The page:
11

KMD’S MARKETS

INCREASED DIGITAL EMPLOYMENT INITIATIVE In 2011, the Danish state, Local Government Denmark (KL) and the regions adopted the new common digitization strategy for the public sector, which has been continued under the new government.

CONTINUED PERCEPTION OF KMD AS KEY PROVIDER For the first time, KMD’s recognition analyses show that central government customers rate KMD as the key provider in the market for total IT solutions. KMD is further cited as the provider that most customers have used within the last three years.

KMD sees significant potential in the increased attention that further digitization is attracting, including in the area of employment. KMD anticipates that the common digitization strategy will result in unemployment insurance funds and job centers working more closely together on the employment initiative. On this basis, in 2012 the subsidiary Organisator A/S, which is a leading player within IT solutions and systems for unemployment insurance funds and trade unions, became an integrated part of KMD. The merger was carried out in order to derive full value from the two companies’ strengths and competencies, and thus to achieve increased growth.

REVENUE DKK million 2012

2011

2010 400

450

500

550

12

KMD’S MARKETS

KMD IN THE PRIVATE MARKET In 2012, KMD experienced growth in sales to the private market of 21.2%, which is considered satisfactory. CLOUD COMPUTING FOR THE PRIVATE MARKET KMD has launched a Danish cloud solution based on Microsoft technologies, which, taking the DS 484 and ISO 20000/ITIL standards as their starting point, conform to the Danish Data Protection Agency’s requirements for handling of personal data. KMD Cloud covers infrastructure, platforms and software services, which are all invoiced on the basis of usage. As well as providing specific cloud services, KMD can also act as a full-service broker for IT services, advising customers and combining the various options available on the market. In 2012, KMD’s cloud solutions were run as "proof of concept" projects for a number of customers, including e-Boks. In terms of expectations, KMD is positive that, via consultancy and the various cloud services, it will be able to match the demand from the private market for cost-effective business services combined with a high level of flexibility and security. In 2012, KMD once again saw growth in IT operating tasks and major IT infrastructure projects, as well as within the area of systems and consultancy, where tasks involving Navision developed particularly well. KMD’s activities in the energy and supply area also experienced growth, with activities within settlement and meter management gaining increased acceptance in the market. KMD GROWING IN THE PRINT PROVIDER MARKET At the start of 2012, KMD acquired Itella Information A/S, part of the Finnish Itella group, whose services include printing, mail inserts, scanning and electronic archiving. The acquisition underlines KMD’s overall growth ambitions in the print provider market. Since the acquisition, Itella has become an integrated part of KMD's print provider business.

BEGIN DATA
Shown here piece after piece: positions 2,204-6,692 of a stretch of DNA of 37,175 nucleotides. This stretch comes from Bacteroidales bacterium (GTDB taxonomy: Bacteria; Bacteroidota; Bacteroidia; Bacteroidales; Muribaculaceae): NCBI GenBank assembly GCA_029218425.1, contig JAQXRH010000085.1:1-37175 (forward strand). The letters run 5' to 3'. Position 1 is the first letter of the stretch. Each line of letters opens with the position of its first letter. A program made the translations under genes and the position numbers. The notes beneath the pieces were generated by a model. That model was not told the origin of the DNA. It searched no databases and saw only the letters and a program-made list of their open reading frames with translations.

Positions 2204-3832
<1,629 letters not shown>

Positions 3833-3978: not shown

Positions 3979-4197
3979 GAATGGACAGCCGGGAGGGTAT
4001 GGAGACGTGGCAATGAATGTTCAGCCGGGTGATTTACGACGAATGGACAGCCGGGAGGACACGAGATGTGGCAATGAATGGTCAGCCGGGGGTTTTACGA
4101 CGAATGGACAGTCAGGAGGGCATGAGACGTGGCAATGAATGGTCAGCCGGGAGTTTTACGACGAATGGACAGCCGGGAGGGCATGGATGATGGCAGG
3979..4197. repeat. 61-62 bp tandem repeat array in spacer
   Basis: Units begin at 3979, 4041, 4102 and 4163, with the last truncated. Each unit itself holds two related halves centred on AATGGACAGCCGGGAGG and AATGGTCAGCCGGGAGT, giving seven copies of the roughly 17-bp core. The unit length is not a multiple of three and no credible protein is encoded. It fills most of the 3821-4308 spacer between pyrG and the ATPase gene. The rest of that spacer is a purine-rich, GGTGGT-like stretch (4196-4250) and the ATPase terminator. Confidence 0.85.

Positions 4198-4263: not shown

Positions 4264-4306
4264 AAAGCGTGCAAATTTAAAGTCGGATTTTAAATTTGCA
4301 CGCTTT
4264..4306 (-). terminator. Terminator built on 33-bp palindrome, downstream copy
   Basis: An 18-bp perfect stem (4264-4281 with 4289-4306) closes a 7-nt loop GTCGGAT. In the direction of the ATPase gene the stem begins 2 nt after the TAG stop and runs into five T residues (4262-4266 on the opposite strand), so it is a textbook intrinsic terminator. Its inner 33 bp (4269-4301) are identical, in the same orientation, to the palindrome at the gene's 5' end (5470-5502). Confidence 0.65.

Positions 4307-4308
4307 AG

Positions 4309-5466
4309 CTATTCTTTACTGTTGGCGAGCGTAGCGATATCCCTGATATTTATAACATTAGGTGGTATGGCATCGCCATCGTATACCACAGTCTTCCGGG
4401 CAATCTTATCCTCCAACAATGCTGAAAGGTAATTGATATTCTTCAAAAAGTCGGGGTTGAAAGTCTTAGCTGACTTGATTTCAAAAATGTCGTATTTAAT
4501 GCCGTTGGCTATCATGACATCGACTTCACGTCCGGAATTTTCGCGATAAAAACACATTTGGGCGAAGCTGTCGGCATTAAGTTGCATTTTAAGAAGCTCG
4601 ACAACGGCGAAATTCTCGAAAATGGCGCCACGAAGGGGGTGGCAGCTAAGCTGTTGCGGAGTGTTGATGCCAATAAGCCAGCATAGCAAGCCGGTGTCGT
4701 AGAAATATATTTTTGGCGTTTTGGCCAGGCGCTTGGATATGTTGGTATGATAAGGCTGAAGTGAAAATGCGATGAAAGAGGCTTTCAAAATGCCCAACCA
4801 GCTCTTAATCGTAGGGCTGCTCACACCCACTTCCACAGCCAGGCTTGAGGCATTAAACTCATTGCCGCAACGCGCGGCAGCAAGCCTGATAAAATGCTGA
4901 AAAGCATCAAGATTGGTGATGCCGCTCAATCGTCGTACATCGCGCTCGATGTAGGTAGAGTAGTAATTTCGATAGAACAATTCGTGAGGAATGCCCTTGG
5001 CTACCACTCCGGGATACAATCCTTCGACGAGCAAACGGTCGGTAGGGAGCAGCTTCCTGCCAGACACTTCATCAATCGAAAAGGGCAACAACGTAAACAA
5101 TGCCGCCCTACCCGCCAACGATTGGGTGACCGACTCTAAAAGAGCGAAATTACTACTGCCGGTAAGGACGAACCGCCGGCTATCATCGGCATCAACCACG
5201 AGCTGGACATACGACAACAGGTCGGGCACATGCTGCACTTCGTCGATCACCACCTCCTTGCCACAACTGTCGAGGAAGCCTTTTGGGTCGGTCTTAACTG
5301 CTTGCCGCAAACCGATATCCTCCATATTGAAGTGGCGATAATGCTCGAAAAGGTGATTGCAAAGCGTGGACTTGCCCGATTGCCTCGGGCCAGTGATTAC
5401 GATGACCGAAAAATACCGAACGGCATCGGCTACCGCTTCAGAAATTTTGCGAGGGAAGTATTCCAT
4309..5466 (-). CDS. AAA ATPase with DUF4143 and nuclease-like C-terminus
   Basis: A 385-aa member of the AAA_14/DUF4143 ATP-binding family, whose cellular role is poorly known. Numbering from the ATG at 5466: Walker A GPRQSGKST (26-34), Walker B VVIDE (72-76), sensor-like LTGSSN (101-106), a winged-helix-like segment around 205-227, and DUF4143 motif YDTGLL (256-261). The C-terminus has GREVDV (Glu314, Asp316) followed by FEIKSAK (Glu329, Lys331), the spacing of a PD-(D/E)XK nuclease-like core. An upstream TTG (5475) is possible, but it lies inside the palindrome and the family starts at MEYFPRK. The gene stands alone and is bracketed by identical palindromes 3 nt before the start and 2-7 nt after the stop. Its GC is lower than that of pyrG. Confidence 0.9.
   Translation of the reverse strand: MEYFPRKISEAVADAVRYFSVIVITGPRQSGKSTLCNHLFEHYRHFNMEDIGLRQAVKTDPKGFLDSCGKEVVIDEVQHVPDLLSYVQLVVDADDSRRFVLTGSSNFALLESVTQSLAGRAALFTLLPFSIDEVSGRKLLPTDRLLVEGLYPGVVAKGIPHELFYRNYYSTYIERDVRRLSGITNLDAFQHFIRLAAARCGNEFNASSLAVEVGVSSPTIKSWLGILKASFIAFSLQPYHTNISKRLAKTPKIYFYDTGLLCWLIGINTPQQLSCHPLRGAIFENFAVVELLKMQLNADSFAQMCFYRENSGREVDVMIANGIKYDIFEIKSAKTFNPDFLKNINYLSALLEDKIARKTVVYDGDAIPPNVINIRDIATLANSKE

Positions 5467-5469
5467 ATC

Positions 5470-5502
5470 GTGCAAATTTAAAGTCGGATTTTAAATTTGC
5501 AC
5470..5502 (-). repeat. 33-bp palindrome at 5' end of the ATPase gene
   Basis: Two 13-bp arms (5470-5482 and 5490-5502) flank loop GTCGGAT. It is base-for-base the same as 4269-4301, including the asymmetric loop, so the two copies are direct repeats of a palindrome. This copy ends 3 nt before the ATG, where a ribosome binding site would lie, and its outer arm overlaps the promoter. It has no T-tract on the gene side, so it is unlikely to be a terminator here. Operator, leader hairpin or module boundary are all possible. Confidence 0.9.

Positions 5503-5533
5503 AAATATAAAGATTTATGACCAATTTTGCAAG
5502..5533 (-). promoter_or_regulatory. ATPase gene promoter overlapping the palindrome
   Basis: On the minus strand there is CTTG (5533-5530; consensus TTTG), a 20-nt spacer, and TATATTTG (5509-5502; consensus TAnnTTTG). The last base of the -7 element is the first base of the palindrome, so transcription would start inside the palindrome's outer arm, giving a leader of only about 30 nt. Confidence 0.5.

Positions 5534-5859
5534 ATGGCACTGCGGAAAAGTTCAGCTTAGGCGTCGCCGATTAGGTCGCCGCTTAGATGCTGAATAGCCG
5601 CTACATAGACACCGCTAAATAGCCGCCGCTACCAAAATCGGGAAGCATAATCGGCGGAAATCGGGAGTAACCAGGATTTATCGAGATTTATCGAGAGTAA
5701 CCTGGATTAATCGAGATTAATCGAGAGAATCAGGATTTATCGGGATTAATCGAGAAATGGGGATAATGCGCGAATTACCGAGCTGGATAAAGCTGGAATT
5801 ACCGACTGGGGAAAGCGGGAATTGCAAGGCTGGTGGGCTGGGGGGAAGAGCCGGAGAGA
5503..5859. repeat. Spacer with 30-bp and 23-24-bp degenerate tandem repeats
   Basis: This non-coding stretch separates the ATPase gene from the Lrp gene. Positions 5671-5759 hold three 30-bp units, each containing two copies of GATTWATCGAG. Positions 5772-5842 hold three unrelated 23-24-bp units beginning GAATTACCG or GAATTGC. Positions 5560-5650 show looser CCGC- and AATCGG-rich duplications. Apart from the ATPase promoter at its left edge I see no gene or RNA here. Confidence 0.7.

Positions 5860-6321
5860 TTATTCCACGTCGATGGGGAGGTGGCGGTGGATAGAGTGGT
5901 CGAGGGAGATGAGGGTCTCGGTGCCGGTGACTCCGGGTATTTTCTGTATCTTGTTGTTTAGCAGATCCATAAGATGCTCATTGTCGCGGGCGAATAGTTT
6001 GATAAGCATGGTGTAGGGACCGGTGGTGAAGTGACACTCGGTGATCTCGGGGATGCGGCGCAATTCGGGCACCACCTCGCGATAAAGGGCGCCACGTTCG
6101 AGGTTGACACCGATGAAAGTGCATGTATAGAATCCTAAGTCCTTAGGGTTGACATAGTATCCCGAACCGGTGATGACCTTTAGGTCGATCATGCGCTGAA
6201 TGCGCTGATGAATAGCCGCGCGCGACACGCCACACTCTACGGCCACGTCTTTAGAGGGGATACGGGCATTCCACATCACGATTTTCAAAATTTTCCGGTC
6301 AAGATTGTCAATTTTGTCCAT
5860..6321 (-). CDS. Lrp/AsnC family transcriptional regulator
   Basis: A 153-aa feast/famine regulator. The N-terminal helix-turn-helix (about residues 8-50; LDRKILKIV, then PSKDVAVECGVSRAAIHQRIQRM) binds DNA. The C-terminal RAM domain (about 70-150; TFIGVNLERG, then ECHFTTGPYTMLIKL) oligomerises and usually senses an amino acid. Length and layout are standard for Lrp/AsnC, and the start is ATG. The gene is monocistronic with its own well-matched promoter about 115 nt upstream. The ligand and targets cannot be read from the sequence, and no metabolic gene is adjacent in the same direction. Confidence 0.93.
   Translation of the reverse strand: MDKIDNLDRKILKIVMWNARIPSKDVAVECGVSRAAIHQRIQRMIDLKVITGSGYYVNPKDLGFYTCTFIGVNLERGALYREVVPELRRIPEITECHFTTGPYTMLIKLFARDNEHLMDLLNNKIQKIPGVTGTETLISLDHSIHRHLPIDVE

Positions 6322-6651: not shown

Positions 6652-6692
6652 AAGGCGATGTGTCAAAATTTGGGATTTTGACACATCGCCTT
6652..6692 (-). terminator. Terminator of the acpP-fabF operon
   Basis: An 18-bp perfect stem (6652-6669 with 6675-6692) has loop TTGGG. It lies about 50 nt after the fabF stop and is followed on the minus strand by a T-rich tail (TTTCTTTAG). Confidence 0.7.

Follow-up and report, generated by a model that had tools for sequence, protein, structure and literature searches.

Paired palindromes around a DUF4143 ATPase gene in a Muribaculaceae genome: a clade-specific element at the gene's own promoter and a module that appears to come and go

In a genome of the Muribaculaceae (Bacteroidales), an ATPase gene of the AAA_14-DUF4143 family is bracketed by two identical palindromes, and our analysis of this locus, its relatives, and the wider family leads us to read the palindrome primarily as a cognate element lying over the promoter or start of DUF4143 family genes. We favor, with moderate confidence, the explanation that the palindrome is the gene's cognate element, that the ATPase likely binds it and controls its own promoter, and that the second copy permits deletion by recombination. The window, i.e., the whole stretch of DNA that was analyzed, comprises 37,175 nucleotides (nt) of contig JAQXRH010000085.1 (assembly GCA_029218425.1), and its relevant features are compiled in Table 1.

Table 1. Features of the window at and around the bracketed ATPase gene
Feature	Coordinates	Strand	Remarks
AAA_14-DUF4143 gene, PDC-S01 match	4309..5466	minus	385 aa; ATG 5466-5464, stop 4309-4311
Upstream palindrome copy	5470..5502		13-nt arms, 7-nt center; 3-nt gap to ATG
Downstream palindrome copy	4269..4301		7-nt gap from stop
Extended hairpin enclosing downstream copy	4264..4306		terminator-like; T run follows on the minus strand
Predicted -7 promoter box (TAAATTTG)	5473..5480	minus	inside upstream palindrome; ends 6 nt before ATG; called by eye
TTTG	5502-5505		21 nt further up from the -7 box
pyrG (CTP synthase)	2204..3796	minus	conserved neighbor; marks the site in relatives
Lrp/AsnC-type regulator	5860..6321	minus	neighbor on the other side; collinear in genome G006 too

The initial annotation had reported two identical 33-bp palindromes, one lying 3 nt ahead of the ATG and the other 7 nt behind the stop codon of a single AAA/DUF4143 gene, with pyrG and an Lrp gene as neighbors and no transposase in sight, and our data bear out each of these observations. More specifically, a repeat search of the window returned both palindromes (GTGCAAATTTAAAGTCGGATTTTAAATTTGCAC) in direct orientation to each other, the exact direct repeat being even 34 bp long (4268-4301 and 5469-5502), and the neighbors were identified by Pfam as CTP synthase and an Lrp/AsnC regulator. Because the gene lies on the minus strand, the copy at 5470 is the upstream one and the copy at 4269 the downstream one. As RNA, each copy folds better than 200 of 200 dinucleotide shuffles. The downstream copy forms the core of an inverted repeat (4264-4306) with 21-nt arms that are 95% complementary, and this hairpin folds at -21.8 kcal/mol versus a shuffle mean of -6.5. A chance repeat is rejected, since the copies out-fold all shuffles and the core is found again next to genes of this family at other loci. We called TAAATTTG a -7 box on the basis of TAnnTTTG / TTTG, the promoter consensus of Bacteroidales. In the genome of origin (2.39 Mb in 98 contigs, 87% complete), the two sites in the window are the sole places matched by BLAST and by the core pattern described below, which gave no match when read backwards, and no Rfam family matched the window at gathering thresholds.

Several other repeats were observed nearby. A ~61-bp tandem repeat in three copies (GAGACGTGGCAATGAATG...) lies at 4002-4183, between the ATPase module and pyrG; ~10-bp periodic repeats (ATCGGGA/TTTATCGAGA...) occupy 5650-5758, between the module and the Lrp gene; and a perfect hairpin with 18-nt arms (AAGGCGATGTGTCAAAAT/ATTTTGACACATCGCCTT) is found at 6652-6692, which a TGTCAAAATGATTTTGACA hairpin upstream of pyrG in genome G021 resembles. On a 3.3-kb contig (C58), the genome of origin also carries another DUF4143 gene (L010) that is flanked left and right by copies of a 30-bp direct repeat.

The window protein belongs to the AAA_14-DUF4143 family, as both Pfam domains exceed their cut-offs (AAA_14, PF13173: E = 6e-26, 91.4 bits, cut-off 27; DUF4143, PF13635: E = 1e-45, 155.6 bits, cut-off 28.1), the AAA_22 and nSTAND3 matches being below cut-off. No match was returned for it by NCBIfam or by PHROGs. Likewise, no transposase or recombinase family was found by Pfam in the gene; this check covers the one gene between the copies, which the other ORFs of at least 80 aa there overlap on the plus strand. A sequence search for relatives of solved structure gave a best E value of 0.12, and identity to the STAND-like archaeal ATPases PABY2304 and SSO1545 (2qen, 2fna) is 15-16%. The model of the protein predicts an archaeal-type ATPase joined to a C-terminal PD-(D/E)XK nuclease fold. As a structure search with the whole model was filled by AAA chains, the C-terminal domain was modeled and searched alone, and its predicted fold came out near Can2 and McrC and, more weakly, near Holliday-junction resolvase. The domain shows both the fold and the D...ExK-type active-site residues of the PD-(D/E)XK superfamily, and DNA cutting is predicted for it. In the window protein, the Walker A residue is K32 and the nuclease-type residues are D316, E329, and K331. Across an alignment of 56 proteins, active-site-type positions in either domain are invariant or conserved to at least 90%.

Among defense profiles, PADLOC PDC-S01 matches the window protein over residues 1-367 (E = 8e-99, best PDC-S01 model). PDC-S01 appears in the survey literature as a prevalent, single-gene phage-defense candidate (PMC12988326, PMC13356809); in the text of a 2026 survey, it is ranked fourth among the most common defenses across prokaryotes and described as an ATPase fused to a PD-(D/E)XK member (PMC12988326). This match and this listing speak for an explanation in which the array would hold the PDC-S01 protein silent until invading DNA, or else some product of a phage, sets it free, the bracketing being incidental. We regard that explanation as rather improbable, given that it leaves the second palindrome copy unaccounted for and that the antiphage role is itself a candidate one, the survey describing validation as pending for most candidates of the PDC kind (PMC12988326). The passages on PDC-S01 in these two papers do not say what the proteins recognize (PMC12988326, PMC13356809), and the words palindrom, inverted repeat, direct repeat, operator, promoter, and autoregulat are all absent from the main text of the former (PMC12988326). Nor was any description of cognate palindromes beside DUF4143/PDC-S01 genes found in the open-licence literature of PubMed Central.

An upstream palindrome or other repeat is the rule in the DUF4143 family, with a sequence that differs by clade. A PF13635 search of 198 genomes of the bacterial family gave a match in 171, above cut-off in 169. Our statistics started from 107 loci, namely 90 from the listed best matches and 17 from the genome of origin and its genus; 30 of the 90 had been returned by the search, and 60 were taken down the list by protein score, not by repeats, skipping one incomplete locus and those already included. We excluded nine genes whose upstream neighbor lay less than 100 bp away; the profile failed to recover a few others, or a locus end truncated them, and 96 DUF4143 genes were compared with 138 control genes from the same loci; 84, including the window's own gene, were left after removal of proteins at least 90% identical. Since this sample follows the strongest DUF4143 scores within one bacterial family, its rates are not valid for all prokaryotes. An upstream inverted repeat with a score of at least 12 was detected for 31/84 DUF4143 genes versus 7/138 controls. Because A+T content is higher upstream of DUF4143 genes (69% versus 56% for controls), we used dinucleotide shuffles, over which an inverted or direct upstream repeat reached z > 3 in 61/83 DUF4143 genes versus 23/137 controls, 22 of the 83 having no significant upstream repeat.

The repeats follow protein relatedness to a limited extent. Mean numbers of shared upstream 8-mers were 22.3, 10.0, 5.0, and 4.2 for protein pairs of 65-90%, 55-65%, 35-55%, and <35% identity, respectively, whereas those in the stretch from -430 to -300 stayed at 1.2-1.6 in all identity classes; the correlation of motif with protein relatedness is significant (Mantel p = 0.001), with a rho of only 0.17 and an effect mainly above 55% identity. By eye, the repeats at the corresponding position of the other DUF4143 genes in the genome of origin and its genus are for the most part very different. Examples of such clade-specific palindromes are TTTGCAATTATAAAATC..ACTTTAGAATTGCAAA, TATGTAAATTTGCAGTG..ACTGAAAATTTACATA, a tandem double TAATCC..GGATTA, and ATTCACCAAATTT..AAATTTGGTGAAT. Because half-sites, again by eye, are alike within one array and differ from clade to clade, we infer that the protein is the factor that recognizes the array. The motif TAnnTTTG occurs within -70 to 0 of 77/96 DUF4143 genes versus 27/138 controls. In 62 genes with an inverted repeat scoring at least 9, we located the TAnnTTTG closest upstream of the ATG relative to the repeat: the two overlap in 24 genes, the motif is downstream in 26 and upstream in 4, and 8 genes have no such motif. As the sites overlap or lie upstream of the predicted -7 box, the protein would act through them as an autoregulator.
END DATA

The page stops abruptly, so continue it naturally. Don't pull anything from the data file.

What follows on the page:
KMD and the newspaper and magazine distributor Bladkompagniet entered into a distribution agreement in 2012 that enables KMD to offer customers of its printing services the opportunity to have their business letters distributed throughout Denmark via Bladkompagniet. There are many advantages to the agreement, including the fact that customers can have their material delivered seven days a week, 52 weeks a year. KMD Printcenter also entered into new agreements in the private market in 2012 to assist PFA Pension and VP Securities with printing of pension statements, invoices, direct marketing, investor reports, etc. KMD – A KEY PROVIDER In KMD’s recognition analysis for 2012, KMD and one competitor share first place in the market, with 79% assessing both companies as the key provider of IT outsourcing to the private market. KMD came out top in terms of ability to deliver IT operating services and outsourcing, with a full 84% indicating KMD as the best in this area. The overall level of satisfaction with KMD among customers in the private market is 81%. KMD is satisfied with this but still sees potential for improvement.

REVENUE DKK million 2012

2011

2010 0

250

500

750

1.000

13

KMD’S MARKETS